The finance minister, Iipumbu Shiimi, will meet with NamPower management and board today for the power utility to explain why it failed to comply with the cabinet directive not to institute stage 1 power cuts to defaulting customers on Monday.
According to a statement from the ministry on Tuesday, the meeting will discuss why NamPower failed to furnish the ministry with information pertaining to the debt settlement by defaulters resulting from the issuance of the public notices before instituting power suspensions.
The meeting will also discuss the way forward and ensure NamPower complies with the Cabinet directive, Shiimi said.
“I will meet with them [NamPower] tomorrow,” Shiimi told The Namibian at parliament yesterday.
On Monday, NamPower disconnected defaulting local authorities in the Hardap and //Karas regions, as well as northern regions that get power from Nored.
NamPower’s managing director, Simson Haulofu, in a statement issued yesterday, confirmed that the company received the directive from the Cabinet, but the board of directors decided to proceed with the disconnection plan.
“After due consideration, the board of directors unanimously decided to exercise its fiduciary responsibilities towards the company and to protect the interest of the company and stakeholders. Moreover, the board of directors and management resolved to proceed with the disconnection plan because it is in the best interest of the financial sustainability of the company and for the sustainability of electricity supply in the country,” said Haulofu.
He said disconnecting defaulting customers was a measure of last resort, implemented after exhausting all other interventions to collect outstanding debts. Haulofu also acknowledged that the failure to collect these dues would have unintended consequences, such as requiring guarantees for all future borrowings for generation and transmission infrastructure. NamPower’s decision to proceed with the disconnection plan received mixed reactions from the public.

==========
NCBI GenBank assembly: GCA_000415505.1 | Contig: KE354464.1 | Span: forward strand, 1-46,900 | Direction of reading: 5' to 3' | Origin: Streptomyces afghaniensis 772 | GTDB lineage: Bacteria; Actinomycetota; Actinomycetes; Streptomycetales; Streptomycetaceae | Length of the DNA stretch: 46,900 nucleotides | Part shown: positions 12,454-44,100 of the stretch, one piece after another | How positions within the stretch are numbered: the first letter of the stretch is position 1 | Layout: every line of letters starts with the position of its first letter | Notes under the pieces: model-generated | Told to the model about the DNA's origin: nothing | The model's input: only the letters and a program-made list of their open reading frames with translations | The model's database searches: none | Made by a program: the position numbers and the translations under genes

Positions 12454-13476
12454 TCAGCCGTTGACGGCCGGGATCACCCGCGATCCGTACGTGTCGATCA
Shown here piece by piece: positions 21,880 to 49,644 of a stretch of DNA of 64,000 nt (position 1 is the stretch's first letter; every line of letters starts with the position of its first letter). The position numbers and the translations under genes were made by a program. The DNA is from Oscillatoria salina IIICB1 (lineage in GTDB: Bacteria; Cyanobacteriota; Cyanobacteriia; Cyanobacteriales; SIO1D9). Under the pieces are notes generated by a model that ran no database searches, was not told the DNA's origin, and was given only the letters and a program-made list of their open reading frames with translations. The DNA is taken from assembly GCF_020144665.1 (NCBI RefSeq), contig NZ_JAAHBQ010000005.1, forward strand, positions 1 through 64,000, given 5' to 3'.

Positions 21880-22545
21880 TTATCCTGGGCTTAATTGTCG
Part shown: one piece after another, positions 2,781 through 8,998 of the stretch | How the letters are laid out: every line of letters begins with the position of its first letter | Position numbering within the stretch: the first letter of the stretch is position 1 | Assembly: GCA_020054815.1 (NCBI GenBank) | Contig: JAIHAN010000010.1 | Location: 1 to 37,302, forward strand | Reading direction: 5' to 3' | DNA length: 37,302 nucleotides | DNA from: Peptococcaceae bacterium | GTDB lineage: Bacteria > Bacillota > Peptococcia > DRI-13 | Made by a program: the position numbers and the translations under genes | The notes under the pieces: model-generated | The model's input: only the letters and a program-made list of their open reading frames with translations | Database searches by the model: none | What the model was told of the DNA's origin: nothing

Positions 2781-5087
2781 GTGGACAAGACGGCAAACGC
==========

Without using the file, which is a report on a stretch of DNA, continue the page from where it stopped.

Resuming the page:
While some viewed it as a necessary step to safeguard the company’s financial stability and maintain a consistent electricity supply, others expressed concerns about the potential impact on individuals and businesses.
On Tuesday the NamPower board chairperson, Daniel Motinga, said company management and the board are engaging with all relevant stakeholders on the matter, and will inform the nation of the outcome of the consultations in due course.
Political analyst Rui Tjitende in an interview with Desert.FM yesterday said NamPower is within its mandate to collect the money that is owed to it.
He, however, believes that NamPower is being bullied because it is operating in a political environment.
“ NamPower, management, chairperson of the board and minister will all report to a certain political clique, and that political clique is the ruling party. So, whatever the ruling party says, unfortunately, they have to comply with because they are also thinking about their own future,” said Tjitende.
He blames the cabinet for not picking up on the warning NamPower has been putting out to the public about the power cuts.
According to him, the government, through Shiimi, is not being proactive.
Tjitende also questioned how cabinet plans to hold the defaulting local authorities and Nored accountable.
According to him, NamPower cannot be an effective and efficient power utility if it is unable to generate revenue.